There’s been a lot of cultural gab lately about Dave Chappelle’s Netflix special in which the comedian upbraids the transgender community, admonishing them to get a sense of humor and stop lumping their “struggle” in with the challenges faced by black people. First, some conservatives lauded the streamer for not backing down in the face of a tedious social media firestorm that followed the special’s premiere. Then they backed down.
There’s another recent Netflix offering, a miniseries, that company execs will never have to justify or step back from.
Far from tweaking the rabid left, Maid—based on Stephanie Land’s memoir Maid: Hard Work, Low Pay, and a Mother’s Will to Survive—hits all the right notes from the standpoint of artistic creation and the “progressive” mentality. Moreover, it is a perfect example of the kind of social justice biasing that Hollywood and the entertainment industry at large have made their stock and trade, especially since the 1960s, but most pointedly in the past quarter-century.
We take you now to a recreation of the acquisitions meeting at which Maid was first pitched. You want sausage, you got sausage.
Three creative executive buyers, a white male we’ll call the lead buyer, a female, and a black male, sit in the room, ready to hear from their team. The lead buyer speaks up.
“Okay, people, what have you got for us today?”
“We’ve gotten a first look at a treatment about FBI agent Peter Strzok, called A Matter of Honor,” says one team member. “It looks pretty good.”
There is some murmuring among the executive buyers.
The female executive pipes up. “That’s going to be a hard pass. We just did Comey, and however heroic Strzok may be, we don’t want to roil the waters in front of the midterms.”
Another pitcher speaks up. “I’m looking at an interesting property that centers on a group of bodybuilders in Saudi Arabia who idolize Pumping Iron-era Arnold Schwarzenegger. It’s kind of a time-warp deal. These guys could care less about the gubernatorial term, the maid service scandal, none of that. Instead, they see bodybuilding as a claim to fame and just want to develop muscles as Arnold did.”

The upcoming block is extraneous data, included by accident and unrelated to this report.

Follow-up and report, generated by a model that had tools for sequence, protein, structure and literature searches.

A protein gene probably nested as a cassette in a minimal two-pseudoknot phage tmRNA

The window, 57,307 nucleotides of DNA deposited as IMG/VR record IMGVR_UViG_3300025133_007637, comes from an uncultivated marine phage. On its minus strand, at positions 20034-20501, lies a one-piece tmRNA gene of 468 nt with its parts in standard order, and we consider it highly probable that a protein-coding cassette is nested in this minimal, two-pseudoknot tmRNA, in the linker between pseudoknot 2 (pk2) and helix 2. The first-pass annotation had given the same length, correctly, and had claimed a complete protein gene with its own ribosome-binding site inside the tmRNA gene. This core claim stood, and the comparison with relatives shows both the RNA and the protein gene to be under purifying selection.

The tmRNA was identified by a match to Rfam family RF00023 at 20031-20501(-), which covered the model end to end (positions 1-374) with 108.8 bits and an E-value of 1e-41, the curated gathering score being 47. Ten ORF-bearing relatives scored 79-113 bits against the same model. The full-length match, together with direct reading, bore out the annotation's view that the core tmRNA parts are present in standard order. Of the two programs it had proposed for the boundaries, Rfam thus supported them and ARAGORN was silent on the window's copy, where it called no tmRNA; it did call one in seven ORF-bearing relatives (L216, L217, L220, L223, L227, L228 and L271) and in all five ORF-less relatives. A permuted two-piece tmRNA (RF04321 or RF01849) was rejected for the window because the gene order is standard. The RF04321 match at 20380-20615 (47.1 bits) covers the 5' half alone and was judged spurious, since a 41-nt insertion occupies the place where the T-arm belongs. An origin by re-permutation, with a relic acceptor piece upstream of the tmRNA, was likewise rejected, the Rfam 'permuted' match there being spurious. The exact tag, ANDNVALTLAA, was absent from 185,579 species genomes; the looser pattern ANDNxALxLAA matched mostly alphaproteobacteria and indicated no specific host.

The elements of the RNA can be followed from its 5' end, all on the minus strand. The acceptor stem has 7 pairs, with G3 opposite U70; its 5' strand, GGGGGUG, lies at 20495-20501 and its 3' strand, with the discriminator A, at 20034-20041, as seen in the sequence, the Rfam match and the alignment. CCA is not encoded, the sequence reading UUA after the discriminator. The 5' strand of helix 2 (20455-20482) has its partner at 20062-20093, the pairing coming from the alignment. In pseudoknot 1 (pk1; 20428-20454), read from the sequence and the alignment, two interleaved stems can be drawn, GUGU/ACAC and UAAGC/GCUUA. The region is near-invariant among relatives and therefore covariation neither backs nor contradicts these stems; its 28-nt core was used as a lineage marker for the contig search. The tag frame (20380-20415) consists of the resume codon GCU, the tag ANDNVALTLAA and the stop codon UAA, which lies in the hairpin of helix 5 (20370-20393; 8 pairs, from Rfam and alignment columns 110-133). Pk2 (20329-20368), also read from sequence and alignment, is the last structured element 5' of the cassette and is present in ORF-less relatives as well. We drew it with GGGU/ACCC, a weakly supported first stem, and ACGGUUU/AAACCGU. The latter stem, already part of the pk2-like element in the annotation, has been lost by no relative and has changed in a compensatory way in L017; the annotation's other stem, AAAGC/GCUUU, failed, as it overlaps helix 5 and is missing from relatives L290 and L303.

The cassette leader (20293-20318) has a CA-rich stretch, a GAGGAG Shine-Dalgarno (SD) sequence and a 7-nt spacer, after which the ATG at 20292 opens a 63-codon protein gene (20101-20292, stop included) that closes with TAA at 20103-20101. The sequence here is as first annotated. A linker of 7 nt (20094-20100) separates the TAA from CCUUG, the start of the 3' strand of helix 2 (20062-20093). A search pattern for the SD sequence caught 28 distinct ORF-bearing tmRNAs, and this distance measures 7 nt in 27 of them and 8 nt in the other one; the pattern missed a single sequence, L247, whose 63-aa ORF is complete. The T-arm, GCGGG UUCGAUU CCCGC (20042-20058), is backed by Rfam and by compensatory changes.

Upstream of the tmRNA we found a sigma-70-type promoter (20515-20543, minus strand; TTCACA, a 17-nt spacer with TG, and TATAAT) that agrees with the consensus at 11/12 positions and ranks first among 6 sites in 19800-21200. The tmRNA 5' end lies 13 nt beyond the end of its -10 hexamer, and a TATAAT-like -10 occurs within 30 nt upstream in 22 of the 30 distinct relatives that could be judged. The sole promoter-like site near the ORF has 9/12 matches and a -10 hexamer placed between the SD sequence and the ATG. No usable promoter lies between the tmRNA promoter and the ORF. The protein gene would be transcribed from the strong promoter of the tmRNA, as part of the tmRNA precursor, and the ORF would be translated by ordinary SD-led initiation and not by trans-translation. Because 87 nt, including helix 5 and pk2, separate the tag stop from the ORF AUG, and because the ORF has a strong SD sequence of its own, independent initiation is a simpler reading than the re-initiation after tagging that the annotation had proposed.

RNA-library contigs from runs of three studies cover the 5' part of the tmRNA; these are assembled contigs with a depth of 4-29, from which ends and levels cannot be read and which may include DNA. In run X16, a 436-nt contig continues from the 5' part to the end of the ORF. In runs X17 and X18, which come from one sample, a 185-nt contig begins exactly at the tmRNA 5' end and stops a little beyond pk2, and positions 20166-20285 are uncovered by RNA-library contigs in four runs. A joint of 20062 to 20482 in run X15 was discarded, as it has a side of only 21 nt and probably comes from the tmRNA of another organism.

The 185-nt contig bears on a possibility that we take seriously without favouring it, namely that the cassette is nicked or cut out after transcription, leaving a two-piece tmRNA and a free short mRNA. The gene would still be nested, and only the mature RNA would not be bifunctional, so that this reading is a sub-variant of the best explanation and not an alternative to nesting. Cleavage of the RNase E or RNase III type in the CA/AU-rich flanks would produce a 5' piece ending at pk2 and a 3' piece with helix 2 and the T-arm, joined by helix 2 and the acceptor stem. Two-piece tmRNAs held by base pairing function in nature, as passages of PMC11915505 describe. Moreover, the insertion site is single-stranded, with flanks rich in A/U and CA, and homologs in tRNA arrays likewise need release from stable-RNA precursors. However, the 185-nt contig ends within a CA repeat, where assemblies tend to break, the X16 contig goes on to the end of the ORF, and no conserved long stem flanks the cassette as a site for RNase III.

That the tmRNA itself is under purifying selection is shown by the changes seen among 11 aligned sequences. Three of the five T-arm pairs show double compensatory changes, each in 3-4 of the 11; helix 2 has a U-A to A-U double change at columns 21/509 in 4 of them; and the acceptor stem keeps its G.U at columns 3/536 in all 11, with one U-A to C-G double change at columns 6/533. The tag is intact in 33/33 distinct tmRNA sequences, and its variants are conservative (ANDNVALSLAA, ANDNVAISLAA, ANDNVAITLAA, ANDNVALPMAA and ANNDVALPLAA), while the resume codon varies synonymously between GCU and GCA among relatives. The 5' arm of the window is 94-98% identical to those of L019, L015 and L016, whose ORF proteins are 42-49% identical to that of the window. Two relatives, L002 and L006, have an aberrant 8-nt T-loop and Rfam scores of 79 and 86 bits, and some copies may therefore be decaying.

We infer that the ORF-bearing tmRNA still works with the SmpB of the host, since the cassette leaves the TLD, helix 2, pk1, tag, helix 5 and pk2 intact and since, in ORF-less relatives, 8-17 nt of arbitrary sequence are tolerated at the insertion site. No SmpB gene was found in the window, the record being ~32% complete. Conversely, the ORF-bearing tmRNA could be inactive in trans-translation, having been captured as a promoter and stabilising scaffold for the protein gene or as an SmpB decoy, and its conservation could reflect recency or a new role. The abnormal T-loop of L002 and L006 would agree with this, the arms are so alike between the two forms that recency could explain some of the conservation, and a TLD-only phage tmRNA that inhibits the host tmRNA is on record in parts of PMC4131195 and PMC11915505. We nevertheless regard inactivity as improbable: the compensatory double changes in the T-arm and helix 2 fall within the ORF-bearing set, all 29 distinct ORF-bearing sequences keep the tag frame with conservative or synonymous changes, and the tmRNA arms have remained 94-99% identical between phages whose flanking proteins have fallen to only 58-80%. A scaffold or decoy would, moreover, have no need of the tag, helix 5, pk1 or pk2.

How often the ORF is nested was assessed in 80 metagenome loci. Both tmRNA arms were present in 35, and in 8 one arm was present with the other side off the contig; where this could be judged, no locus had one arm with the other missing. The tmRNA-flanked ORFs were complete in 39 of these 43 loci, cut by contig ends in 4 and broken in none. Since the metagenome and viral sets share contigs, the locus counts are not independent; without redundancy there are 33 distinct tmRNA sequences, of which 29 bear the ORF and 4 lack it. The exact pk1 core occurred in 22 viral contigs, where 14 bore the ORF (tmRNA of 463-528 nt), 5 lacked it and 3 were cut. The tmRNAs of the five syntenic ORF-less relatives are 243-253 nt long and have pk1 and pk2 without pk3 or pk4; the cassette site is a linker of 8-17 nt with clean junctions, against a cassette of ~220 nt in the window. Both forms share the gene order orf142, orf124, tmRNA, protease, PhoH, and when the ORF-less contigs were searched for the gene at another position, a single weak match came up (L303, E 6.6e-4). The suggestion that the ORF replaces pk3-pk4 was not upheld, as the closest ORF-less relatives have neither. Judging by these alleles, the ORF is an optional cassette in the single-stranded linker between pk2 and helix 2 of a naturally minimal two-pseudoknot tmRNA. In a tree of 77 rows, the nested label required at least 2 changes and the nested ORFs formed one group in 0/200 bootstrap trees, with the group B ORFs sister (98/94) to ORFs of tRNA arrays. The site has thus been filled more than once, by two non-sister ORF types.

The black executive asks, “Wouldn’t it be difficult to work in a gay angle, given the location?”
The pitcher pauses to consider. “It would be tricky, but there might be a way to insert it sideways without actually saying it.”
“I’m going to say no,” says the lead buyer.
“Speaking of maids,” says another team member, “I think this book by Stephanie Land might be worth considering. It’s the redemptive story of a single mom’s journey out of an abusive family legacy.”
“Talk to me,” says the lead buyer.
“For starters, all the white guys in the story are bad people. The father of the child in play is a troubled alcoholic, prone to violent outbursts. While he never hits the female protagonist, he does put his fist through the wall of their mobile home. You know it’s only a matter of time.”
“Go on,” says the female executive.
“It comes out during the story that the protag’s father battered her mother. The mother herself is a certifiably damaged hippie—damaged, of course, by the white husband who beat her. The protag’s mother’s current boyfriend—also white—is an unscrupulous cad with a gambling addiction, who cheats the unbalanced mother out of her home.”
“There’s only one ‘good’ male character in the story, a person of color, of course. He is good in the sense that he offers to help the protag, but bad in the sense that he is attracted to her, which infers there will be strings attached to the help. At her nadir, the protag rejects him and instead returns to the bed of her abuser.”
When the executives offer no comment, the pitcher knows they’re listening.
“We’ve got three sympathetic Latina characters. A crusty housecleaning service operator with a heart of gold. A woman the protag meets at a shelter for battered women, who, through emotional circumstances beyond her control, ends up returning to the bastard who abused her. And finally, a pregnant single mother of three who is an unstable hoarder. Themes of mentally-unbalanced women run through the entire story, the subtext being that men made these women the psychiatrically tenuous people they are.”